Twin Function Equaliser
A simple box of tricks that offers both 31 band mono and 15 band stereo operation at a very reasonable price.
Equalisers of one form or another are necessary pieces of studio equipment. They can be used correctively - to return a sound to its previous state after it has been undesirably altered by the audio chain, or creatively - to change and enhance the character of a sound.
One useful advantage of graphic EQ is its ability to give an instant visual picture of how and where it is affecting the sound. It can be thought of as a row of anything from 5 to over 30 faders each acting on its own range of frequencies from 20Hz to 20kHz. The greater the number of faders, the finer the frequency tuning and it can be seen at a glance which areas have been boosted or cut, by their position.
One of the disadvantages of graphic equalisers is the amount of physical space they can take up coupled with the fact that only a fraction of its ability is being utilised at any one time. Japanese manufacturers Cutec have come up with an ingenious idea that, to some extent, puts paid to these disadvantages by offering one 31 band mono and one 15 band stereo graphic in one box and only asking you to pay for one set of hardware.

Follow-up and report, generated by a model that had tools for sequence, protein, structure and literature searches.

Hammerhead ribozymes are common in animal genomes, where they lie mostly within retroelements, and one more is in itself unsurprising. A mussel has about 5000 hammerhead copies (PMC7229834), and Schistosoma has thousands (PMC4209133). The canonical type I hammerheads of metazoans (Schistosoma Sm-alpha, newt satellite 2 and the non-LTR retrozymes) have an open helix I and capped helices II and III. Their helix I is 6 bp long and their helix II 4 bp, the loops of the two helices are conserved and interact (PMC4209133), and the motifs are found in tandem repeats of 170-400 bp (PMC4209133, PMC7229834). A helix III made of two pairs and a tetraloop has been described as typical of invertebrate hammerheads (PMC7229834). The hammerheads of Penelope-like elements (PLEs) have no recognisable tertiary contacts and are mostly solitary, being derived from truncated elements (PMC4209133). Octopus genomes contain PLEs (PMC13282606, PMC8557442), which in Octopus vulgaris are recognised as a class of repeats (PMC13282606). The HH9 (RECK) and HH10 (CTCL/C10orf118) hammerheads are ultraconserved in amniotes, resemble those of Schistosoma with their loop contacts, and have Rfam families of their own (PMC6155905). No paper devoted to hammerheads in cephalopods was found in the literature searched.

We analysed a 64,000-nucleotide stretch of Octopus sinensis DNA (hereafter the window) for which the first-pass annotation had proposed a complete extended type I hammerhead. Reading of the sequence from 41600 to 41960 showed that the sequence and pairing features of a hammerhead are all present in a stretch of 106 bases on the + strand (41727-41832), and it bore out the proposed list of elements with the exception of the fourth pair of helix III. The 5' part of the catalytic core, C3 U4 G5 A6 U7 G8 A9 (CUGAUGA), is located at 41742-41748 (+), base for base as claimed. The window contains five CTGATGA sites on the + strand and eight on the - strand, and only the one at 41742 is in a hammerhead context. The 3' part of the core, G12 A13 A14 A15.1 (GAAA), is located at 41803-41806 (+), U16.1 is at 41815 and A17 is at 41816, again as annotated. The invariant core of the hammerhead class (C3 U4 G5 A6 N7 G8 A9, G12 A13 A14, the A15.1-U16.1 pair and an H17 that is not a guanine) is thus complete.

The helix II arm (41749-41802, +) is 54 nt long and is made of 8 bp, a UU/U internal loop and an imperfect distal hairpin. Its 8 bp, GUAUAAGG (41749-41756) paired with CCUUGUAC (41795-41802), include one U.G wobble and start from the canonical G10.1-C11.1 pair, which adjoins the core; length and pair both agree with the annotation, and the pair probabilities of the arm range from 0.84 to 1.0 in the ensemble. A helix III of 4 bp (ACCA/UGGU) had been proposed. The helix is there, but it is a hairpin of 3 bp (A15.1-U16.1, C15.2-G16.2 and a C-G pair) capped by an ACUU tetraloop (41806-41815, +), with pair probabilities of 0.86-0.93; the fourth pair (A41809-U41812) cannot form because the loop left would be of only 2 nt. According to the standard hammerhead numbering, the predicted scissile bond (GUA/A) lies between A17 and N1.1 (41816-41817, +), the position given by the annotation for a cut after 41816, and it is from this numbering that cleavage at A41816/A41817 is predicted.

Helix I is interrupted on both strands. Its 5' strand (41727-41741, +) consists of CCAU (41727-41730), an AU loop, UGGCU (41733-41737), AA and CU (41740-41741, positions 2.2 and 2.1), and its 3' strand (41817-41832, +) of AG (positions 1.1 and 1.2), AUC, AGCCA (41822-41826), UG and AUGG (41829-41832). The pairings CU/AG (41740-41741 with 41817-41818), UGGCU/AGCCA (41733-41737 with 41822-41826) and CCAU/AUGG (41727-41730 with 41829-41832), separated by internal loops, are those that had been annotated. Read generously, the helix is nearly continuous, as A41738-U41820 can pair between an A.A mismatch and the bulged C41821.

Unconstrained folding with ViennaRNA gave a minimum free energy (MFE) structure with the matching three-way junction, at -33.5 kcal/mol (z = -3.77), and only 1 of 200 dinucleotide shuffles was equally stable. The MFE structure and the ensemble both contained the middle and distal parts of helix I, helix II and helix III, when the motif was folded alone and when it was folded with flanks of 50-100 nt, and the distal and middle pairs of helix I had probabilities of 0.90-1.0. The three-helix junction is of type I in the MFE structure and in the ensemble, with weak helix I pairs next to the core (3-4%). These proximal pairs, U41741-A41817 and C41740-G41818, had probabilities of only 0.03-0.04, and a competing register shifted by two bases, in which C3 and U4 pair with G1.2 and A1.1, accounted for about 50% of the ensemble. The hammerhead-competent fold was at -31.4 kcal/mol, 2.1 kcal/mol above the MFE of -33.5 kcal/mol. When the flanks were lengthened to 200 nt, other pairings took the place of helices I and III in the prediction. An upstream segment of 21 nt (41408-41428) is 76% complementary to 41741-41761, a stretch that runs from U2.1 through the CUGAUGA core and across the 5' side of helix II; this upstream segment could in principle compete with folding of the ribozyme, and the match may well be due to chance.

Most of the 19" 2U front panel of the DE2310 is taken up by a row of 32 sliding pots. In mono mode, each of these covers one third of an octave frequency range from 20Hz up to 20kHz (ie. 20, 25, 31.5, 40 etc) with the final slider controlling the overall gain level from -15 to +15 dB. In stereo mode the sliders are used as two sets of 16. The first 15 of each set still controls the audio range but this time in two thirds of an octave bandwidths, with the sixteenth slider in each case independently controlling the overall level of each channel. This dual function capability ol the controls is achieved by a system known as multiplexing, which is basically a way of sending more than one signal through a single wire.
On exposing the innards of the unit, it was gratifying to see that there was actually something inside this graphic equaliser. More of this type of equipment than I care to remember seems to contain a power supply and a large quantity of air! Apart from the power supply this unit consists of a very neatly laid out EQ and level PCB with a smaller double-sided PCB mounted on top. This top board is liberally strewn with CMOS chips and it is this which facilitates the tricky twin functioning.
All the ins and outs for the device are provided on the rear panel as is standard for rack-mounting studio gear. Both phono and standard ¼" jack sockets are provided for channel 1 and 2 inputs and outputs. These are wired in parallel to allow their use in any combination. This is useful for those people who have standardised their studio to one connector format or the other and invariably find that the next piece of equipment they buy uses only the other type of connector. An XLR socket is also provided for channel 2 input and output. Although this channel is the one most likely to be in use as it also provides the input and output for mono 31 band operation, I do not quite see the reasoning behind the provision of an XLR for one channel only.